RE: Concat SQL statement, Johan, 02-23-2006
Couple of corrections
by Roger Harris, February 23, 2006 13:02
1. There isn't any concatenation operator "&" used in ODBscript; you just place the variables or literal strings to be concatenated one after the other.
2. You need to be careful with quotes that need to be embedded in the result string, since literal strings may or may not be quoted in SET values, but if they are quoted then the quotes will be removed. String literals don't need to be quoted unless they contain any special characters that might be interpreted as an operator (e.g. arithmetic), or commas (since commas are used to separate multiple SET variable=value pairs), or quotes (single or double) that you want included in the result string, or any $variable$ references that you DON'T want to be replaced with a value at that point. Like HTML tag parameters, you can quote SET values with single or double quotes, and if you need either one of those in the result string, then use the other to quote the whole string. (For example, since you need the single quotes for the region='value' in the SQL statement, you can use double quotes around the SET value that you're concatenating, and the embedded single quotes will be included as part of the string.) In this case, you also need to be careful that the $name$ variable that you are using to insert the value extracted from the input string is NOT in quotes, because you want the variable to be "de-referenced" to its value immediately at that point. (Otherwise, only "$name$" will go into the result string, and when you finish the loop and use that result string variable, the CURRENT value of name -- i.e., only the last one extracted in the loop -- will be inserted for ALL the $name$ references in the string. If $name$ is NOT in quotes, however, then the current value inside the loop will be inserted into the SET value.)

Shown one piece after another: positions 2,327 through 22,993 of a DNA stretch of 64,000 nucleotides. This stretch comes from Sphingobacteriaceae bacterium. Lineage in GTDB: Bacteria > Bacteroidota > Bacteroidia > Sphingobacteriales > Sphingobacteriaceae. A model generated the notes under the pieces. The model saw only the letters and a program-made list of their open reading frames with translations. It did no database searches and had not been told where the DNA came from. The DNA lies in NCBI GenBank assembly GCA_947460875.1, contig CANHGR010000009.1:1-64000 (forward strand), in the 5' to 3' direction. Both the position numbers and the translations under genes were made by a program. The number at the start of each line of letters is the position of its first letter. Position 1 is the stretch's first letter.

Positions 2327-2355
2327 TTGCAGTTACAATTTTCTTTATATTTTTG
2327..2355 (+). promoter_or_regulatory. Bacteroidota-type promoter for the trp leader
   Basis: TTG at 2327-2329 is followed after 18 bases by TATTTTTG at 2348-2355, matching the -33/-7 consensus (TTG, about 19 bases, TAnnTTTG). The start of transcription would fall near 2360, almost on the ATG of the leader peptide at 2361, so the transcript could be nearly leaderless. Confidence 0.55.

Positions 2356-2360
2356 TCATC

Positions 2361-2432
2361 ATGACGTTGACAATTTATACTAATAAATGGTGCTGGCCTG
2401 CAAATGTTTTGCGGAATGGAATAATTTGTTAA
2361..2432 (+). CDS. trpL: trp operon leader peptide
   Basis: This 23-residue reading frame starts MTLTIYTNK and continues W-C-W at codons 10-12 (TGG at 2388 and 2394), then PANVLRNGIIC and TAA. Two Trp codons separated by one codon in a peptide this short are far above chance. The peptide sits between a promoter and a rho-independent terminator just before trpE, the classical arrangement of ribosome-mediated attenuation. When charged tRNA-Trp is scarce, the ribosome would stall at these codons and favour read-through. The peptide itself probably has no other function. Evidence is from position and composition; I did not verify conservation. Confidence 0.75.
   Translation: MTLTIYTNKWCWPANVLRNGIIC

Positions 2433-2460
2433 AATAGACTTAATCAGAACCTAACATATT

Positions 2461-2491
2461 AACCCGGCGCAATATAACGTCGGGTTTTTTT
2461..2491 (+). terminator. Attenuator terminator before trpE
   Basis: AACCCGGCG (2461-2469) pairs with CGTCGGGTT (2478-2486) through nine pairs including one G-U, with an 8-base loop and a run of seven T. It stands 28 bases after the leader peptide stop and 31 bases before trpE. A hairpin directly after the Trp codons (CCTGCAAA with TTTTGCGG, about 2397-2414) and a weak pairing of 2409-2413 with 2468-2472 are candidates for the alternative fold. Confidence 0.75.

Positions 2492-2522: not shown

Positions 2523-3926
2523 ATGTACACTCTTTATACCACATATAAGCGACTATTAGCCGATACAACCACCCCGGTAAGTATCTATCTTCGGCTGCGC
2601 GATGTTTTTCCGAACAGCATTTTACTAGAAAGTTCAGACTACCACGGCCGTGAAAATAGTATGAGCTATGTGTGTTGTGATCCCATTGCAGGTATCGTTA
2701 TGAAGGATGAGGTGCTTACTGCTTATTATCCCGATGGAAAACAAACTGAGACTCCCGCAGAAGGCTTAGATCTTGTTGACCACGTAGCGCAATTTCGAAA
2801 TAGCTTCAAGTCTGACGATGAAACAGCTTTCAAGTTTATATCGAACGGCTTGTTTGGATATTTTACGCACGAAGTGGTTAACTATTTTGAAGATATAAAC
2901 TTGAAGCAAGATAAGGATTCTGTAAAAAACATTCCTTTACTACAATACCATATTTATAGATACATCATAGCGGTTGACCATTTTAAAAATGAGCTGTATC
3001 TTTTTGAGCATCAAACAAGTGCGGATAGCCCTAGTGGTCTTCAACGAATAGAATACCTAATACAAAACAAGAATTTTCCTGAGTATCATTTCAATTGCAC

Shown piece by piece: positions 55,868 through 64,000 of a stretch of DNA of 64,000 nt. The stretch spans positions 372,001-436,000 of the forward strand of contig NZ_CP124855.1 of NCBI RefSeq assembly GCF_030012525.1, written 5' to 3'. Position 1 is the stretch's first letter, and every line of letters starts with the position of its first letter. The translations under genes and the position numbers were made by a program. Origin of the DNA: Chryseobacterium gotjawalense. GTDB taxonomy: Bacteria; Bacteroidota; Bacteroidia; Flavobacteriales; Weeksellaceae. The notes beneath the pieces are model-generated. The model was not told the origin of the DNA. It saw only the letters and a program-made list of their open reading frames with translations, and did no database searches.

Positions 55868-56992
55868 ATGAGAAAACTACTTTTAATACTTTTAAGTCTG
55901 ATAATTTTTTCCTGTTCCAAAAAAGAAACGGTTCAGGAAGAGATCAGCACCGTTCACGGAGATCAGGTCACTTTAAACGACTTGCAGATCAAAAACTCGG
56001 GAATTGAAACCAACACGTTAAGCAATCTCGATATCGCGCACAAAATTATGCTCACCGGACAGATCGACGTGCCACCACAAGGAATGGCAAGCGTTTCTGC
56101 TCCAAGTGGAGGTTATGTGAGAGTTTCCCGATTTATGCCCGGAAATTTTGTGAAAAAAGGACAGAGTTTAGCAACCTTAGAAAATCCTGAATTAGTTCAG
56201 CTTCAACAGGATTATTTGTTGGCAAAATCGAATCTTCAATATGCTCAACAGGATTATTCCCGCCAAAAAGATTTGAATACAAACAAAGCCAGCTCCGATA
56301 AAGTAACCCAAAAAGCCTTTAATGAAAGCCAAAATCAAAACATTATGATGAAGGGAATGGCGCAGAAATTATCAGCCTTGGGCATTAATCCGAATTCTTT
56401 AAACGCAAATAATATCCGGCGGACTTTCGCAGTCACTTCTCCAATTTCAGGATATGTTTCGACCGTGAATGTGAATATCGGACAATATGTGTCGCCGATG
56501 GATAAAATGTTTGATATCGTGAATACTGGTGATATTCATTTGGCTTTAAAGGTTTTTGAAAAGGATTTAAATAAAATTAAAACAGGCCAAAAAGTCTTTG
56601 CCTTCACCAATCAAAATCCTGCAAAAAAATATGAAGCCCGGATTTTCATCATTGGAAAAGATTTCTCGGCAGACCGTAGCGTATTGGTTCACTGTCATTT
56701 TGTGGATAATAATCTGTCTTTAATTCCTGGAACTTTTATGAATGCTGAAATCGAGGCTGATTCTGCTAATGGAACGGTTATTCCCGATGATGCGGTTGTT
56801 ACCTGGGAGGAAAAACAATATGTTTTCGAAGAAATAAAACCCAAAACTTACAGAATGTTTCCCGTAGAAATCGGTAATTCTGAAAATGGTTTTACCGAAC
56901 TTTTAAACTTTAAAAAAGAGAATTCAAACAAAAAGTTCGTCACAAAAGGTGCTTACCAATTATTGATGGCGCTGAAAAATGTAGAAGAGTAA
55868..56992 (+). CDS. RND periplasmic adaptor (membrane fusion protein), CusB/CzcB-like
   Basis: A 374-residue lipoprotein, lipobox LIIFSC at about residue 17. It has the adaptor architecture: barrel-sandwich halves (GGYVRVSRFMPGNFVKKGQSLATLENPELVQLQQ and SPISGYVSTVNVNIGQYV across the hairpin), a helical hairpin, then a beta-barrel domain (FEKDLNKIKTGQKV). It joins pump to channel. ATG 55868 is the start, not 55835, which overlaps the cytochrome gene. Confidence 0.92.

3. You don't want to end up with an extra "or region =" at the end of the loop, and I think the easiest way to do that in this case is to always put "region=" in front of each value as it's added to the string, and to insert the "or" only if there is already at least one value in the string. (And the easiest way to test that is to use the $if(...) "immediate IF" function to test whether or not the string is currently empty, and insert "or" if it's not empty.)
4. Remember that ODBscript is basically a "string language" so you need to identify variables used in expressions as $variable$ or the variable's name will be taken as plain text.
So, something like this should work:<% SET input="Europe,Asia Pacific,Greater China";
SET whereClause = "";
WHILE $input$; SET name = $split($input$, ","); SET whereClause = $whereClause$ $if($whereClause$,"or ") "region='"$name$"'"; ENDWHILE;
SELECT * from table where $whereClause$; %>
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